I’m writing about this because my Willow was declared to be overweight and she needed for her health and mobility to lose weight. Really?
My dogs have always been about this size. I know she doesn’t fit the standard for female weight but neither do I. She needs surgery for an ACL injury that I don’t know what caused it, but if weight is a part of it, OK, I’ll attempt to help her lose weight.
The first return visit to the vet for an X-ray and she had lost all of 1 pound after three weeks on a special diet guaranteed to take off pounds. What I do know for sure is she’s always hungry. So … special diet dog food, special low-calorie treats, baby carrots for crunch and low calories, cut way down on treats, and she’s now always hungry.
She stares at me in the kitchen as if to ask where’s more food? I return her sad-eye look with my own forlorn expression and say there is no more until later today. Just hang in there for a few hours.
Apparently according to Dr. Ernest Ward, president of the Association for Pet Obesity Prevention, we eat too much and exercise too little. That may be true for me, but both of my dogs run a lot and eat much less than what is suggested on the back of the dog food bag. Ward goes on to say that to stay leaner and healthier they should have a higher protein diet.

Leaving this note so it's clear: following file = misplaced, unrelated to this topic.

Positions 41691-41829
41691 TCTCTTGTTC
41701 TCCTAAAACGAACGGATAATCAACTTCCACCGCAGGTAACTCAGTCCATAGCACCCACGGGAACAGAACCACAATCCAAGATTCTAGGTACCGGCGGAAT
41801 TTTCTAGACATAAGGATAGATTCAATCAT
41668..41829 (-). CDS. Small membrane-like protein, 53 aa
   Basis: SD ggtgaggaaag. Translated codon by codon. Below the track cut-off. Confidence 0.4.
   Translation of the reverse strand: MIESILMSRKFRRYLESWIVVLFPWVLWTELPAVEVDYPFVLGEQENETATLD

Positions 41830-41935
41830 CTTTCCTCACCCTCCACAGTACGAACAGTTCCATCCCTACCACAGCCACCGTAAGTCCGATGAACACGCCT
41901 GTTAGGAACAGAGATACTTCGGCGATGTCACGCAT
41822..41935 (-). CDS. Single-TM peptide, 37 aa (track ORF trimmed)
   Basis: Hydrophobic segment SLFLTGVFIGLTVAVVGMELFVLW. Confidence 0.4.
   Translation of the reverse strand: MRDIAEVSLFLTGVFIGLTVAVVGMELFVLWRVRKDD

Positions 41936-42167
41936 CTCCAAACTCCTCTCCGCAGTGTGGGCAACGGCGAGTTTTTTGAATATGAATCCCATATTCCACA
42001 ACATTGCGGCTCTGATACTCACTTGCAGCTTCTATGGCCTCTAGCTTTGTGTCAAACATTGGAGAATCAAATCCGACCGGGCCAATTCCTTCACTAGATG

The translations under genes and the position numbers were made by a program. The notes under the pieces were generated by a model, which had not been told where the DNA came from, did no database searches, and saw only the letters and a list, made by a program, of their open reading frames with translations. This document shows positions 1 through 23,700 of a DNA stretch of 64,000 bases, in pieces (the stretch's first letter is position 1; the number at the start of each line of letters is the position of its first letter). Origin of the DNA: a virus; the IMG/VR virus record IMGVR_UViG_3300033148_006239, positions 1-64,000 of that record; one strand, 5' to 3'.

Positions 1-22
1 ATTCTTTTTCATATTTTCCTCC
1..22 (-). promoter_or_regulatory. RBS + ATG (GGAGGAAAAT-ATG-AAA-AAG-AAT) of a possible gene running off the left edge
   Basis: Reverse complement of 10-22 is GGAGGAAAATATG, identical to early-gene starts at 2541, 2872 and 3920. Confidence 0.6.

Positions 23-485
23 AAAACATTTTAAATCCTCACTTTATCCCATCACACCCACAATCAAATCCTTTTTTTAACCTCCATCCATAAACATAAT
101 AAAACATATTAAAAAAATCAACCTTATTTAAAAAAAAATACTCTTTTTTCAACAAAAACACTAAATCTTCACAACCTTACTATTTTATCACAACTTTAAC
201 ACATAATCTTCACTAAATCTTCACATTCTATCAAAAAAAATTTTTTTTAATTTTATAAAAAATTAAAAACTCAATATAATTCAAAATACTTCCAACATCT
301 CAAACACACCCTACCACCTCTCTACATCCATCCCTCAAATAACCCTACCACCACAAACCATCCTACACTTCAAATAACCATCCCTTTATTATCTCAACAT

Sometimes it’s difficult to determine how many calories are in a cup of dog food and are you feeding a level cup and not a heaping cup. In my case it’s a level cup, but then there are the biscuits, the other treats, the “toast time” in the morning, some table scraps earlier in the evening and the “good night” snack at bedtime.
I have tried to quit that and substitute baby carrots and green beans. Carrots are popular, but forget the green beans. They sniff and turn away. I have to agree with Dr. Ward that it’s the treats and extras that are the culprits.
The AVMA (American Veterinary Medical Association) directly links pet obesity to diabetes, cardiovascular disease, increased risk of cancer and orthopedic problems, including debilitating knee injuries and arthritis. Overweight dogs are more prone to heat exhaustion and exercise intolerance.
A 14-year study of Labrador retrievers disclosed that those kept at a healthy weight lived on average two years longer than their overweight peers. What better reason is there for being more watchful to what we’re feeding our fur babies than that?
Judy Lore is an Ark-Valley Humane Society volunteer. She has two retrievers and one is overweight and the other is only 9 months old and still in good shape. She said they will both benefit from more healthy eating – bring on those carrots for snacks.